Choose A Water Heater

How to Choose A Water Heater?

By buying a new water heater, you can save money on utilities and use less water. The National Appliance Energy Conservation Act of 2015 says that all gas, electric, oil, and tankless gas water heaters made in the U.S. must meet strict standards for how well they use energy. Long-term cost reductions may be improved by updating an outdated water heater.

The focus should not be solely on efficiency. Think about how big it is, how much it costs up front, how it heats, how easy it is to maintain, and how often you’ll need to do it. Our goal as plumbing technology experts is to make things as easy as possible for you. The article will cover the most important questions to ask while looking for a water heater, as well as some of the less important questions that may help you narrow down your options.

Choosing the Right Water Heater – Essential Questions

  1. Water heater types: which is right for you?

Water heater technology has provided various possibilities for clients of every budget, demand, and home type. Here are the key candidates and a bit about each, courtesy of the Department of Energy:

Conventional Storage Tank Water Heaters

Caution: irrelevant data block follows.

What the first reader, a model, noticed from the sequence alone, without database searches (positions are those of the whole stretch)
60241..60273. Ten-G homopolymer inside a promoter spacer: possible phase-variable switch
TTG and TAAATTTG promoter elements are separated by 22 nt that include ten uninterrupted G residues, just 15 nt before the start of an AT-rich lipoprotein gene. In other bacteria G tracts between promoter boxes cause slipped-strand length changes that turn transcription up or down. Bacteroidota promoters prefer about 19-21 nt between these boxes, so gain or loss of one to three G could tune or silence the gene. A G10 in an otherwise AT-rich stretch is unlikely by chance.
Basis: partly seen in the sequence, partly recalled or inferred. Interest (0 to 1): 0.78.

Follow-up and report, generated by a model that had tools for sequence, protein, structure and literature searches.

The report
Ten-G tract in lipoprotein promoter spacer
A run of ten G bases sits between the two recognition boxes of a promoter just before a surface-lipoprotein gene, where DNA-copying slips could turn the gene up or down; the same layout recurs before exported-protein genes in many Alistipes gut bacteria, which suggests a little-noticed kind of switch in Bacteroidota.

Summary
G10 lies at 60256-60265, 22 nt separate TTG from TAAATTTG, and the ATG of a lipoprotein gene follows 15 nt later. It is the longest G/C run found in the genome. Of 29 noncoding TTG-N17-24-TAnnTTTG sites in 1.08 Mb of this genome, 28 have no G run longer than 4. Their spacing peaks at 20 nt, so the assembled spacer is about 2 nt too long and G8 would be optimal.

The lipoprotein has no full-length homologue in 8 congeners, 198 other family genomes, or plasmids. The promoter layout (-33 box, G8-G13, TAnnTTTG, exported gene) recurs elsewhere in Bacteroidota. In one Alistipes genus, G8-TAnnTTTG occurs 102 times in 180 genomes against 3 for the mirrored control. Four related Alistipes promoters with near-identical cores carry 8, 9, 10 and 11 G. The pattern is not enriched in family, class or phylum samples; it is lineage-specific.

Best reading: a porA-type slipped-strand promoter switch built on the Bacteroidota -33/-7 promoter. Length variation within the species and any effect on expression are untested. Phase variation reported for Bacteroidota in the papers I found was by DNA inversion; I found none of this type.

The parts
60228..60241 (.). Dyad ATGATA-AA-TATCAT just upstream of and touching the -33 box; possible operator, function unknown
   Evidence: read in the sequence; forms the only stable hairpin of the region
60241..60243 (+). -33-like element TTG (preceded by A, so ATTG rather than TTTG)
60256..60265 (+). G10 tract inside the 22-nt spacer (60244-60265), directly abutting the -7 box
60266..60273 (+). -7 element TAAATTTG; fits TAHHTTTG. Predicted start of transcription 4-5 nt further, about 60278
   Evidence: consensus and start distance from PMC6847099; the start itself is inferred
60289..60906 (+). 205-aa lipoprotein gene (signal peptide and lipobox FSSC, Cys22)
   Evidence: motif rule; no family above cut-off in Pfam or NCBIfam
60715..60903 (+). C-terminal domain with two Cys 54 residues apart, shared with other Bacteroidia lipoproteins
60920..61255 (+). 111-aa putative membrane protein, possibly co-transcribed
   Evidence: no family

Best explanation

The typical water heater keeps a reservoir of warm water on standby. This enables you to get fast hot water whenever you want it, but standby heat loss is a concern. You’re paying to consistently keep the water hot, even when you aren’t using it.

Tankless Water Heaters 

Water is heated as needed by tankless models, which are becoming increasingly common. You’ll be saving money on your energy bill thanks to the elimination of heat loss while the device is in standby mode. This heating method may struggle to keep up with several simultaneous uses in a large household; however, installing dedicated point-of-use water heater units in various locations throughout the home might alleviate this issue.

Heat Pump Water Heater

This water heater works similarly to how a refrigerator works in reverse, by drawing heat from the air and storing it in a tank. Heat pump water heaters perform best in a warm environment (between 40 and 90 degrees Fahrenheit) and may not perform well in cooler temperatures.

Tankless Coil and Indirect Water Heaters 

The water in a tankless coil water heater is heated by a coil or exchanger in your central heating system. In the meantime, water is heated indirectly by circling a fluid heated in a furnace or boiler around a storage tank. Systems like this might be inefficient in warmer areas since they rely on your home’s heating system.

Solar Water Heatersmaximise

A solar water heater, which is fairly new and a great option in Southern California, could cut your monthly costs for heating water by a large amount. Solar energy is used to heat water. The system is made up of a storage tank and a solar collector. There are many ways to heat water with the sun, both actively and passively.

2. What fuel is right for you?

Electricity, fuel oil, natural gas, propane, solar energy, and even geothermal energy are some of the fuel options available to homes today. However, the fuel options you have may be limited by the type of water heater you have and the infrastructure in your area. Water heaters with high efficiency ratings that are a good fit for your household’s needs are becoming more and more important as energy costs continue to increase.